The route got steeper and we struggled with each step as the air got colder and thinner. At the summit the air is half as thin as it is at sea level. In places our climb graduated from some basic scrambling to some rock-climbing which can be rather unnerving considering that we were not roped and that we were using headtorches only.

kilimanjaro summitAfter 6 hours of climbing in the dark we finally broke through the headwall and found ourselves on top of the mountain. The temperature was –15ºC. It was a fantastic relief, but we were still not on the summit, which required another hour of heavy breathing and hard slog. At 7:30am seven out of the nine of us stood on Uhuru Peak, the summit of Kilimanjaro. For one brief moment we were indeed the highest people on the African continent and we all felt extremely proud of our achievement. One never made it to the summit because of the rockfall accident and the other because of nausea. As I gazed upwards in gratitude for being able to accomplish this climb, I became aware that the sky was a darker blue than normal and I realised how high I actually was.

An expedition of this nature puts you more in touch with yourself, with who you are and with where you are headed. It gives you a perspective on life that is not easy to find in everyday existence.

We took the celebratory photographs and spent about 45 minutes gazing around at the awesome beauty of the glaciers and ice fields, which sadly are retarding rapidly. According to research, the glaciers would all have melted by 2020. We were above the clouds and way above Mt. Meru and Mt. Mawenzi, Kilimanjaro’s two neighbours.

Mount MeruIt was time to leave this special place on the African continent and head down the ridge to Stella Point and then down the scree slopes to Barafu Hut. We gathered ourselves together, packed away all the warm gear and headed down to Millenium Camp. For most of us, 15 hours had passed since we had left Arrow Glacier camp at midnight and now it was 30ºC. These extremes are remarkable, but then Kilimanjaro is unique. Nowhere else in the world can you travel on foot and in one week experience such geographical and botanical diversity from tropical rain forest, through to moorland, tundra and ending with snow and ice. It is a remarkable place.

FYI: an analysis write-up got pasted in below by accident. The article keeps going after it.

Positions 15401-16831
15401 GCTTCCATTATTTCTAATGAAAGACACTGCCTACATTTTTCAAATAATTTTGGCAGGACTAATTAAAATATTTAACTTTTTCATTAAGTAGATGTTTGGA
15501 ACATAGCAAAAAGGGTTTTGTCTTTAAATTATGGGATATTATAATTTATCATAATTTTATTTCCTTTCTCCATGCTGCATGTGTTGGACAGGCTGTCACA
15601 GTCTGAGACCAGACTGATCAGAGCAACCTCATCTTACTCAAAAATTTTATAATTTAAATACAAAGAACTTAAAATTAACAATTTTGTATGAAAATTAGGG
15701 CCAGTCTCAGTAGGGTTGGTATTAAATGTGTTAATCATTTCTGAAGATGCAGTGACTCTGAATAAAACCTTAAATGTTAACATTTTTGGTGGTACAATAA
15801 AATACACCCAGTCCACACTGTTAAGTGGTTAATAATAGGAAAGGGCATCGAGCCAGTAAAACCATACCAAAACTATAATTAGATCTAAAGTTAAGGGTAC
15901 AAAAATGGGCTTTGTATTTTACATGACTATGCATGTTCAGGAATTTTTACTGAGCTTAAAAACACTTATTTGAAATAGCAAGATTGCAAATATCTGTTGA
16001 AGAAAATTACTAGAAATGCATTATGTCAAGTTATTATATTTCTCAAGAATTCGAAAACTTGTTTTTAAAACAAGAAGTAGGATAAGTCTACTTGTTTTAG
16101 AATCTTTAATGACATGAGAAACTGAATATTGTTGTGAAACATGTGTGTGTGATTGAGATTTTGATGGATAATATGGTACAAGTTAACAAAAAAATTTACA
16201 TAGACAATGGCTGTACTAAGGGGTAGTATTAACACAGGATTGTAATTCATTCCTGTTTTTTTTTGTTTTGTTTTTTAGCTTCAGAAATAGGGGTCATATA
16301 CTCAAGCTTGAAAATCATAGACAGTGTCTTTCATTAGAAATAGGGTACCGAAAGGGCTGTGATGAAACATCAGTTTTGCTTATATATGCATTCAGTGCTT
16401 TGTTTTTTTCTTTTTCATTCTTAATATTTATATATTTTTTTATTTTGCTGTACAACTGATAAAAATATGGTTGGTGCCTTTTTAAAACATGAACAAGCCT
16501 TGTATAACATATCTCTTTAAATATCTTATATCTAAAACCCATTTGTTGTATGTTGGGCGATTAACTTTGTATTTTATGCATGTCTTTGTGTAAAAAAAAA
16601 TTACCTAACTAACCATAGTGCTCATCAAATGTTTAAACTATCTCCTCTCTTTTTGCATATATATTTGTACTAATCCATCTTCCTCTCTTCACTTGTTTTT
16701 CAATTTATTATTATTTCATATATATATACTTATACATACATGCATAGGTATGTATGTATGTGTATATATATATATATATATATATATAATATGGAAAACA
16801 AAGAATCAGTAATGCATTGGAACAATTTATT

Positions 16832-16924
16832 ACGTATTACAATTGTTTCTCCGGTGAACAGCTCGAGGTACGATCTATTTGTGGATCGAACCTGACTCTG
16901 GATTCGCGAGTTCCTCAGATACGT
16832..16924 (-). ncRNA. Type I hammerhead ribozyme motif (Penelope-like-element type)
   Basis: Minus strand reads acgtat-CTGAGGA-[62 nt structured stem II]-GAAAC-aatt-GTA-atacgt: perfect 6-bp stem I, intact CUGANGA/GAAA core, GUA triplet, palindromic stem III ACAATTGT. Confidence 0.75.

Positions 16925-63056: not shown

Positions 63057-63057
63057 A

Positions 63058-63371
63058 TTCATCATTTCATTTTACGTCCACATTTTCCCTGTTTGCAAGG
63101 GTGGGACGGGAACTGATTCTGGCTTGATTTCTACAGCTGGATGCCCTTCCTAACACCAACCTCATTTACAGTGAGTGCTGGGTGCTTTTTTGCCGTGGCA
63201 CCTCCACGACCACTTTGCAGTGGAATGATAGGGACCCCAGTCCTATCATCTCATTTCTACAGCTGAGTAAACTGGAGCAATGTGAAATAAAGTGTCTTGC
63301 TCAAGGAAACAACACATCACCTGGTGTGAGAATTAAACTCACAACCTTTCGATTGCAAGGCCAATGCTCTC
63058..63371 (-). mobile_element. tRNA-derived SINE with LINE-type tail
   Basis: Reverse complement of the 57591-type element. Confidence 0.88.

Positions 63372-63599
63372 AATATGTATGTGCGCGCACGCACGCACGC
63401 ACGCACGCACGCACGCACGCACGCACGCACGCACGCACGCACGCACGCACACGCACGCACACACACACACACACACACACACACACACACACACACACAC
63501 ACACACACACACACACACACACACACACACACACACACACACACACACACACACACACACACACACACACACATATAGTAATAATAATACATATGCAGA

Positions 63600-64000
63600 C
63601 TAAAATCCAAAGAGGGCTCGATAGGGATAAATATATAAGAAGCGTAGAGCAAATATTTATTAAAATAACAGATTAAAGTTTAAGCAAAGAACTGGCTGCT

Day 6 dawned clear and cool and all that was left was a magnificent walk down the Mweka route to the exit gate. Just before we ducked under the cloud level and into the drizzle. I gazed back one last time to see Kilimanjaro standing proudly as she has done for millions of years. She was ready to receive the next group of climbers and initiate those who were awaiting her call and challenge.

As I stood in awe and humbled by her magnitude, I knew that I had been transformed by being in her presence. I was uplifted, renewed and made whole again by all that she had given me and she challenged me to go on and do bigger, better and more profound things in my life, but she had also revealed her power and potential danger. We were an experienced, organised and well-equipped team of climbers who ended up with a real problem on the mountain, which could have become a major crisis or perhaps even a fatality. Of the 28 000 people visiting Kilimanjaro on an annual basis, most of them attempt the climb, without really understanding the possible dangers. There is no helicopter rescue service and the “ambulance” on the mountain happens to be an old hospital bed with four handles welded on either side and a bicycle wheel in the middle. This “stretcher” is used to get someone off the mountain as soon as possible in the event of an emergency. Many climbers have been strapped to this device and run down the mountain, but many have not made it. I would suggest that before you journey to the highest summit in Africa and one of the seven summits in the world, you choose your equipment carefully, plan your route according to your climbing experience and skill and become familiar with the problems associated with being at altitude. If you decide to do the Umbwe route I would recommend that your guide carries 30m of rope and that you wear a climbing helmet.

Kilimanjaro is a beautiful mountain and one of those climbs that all mountaineers should do in their lifetime, but she deserves careful consideration and respect. If you answer her call, know that you will be transformed, uplifted and made whole. You will enjoy an experience of a lifetime.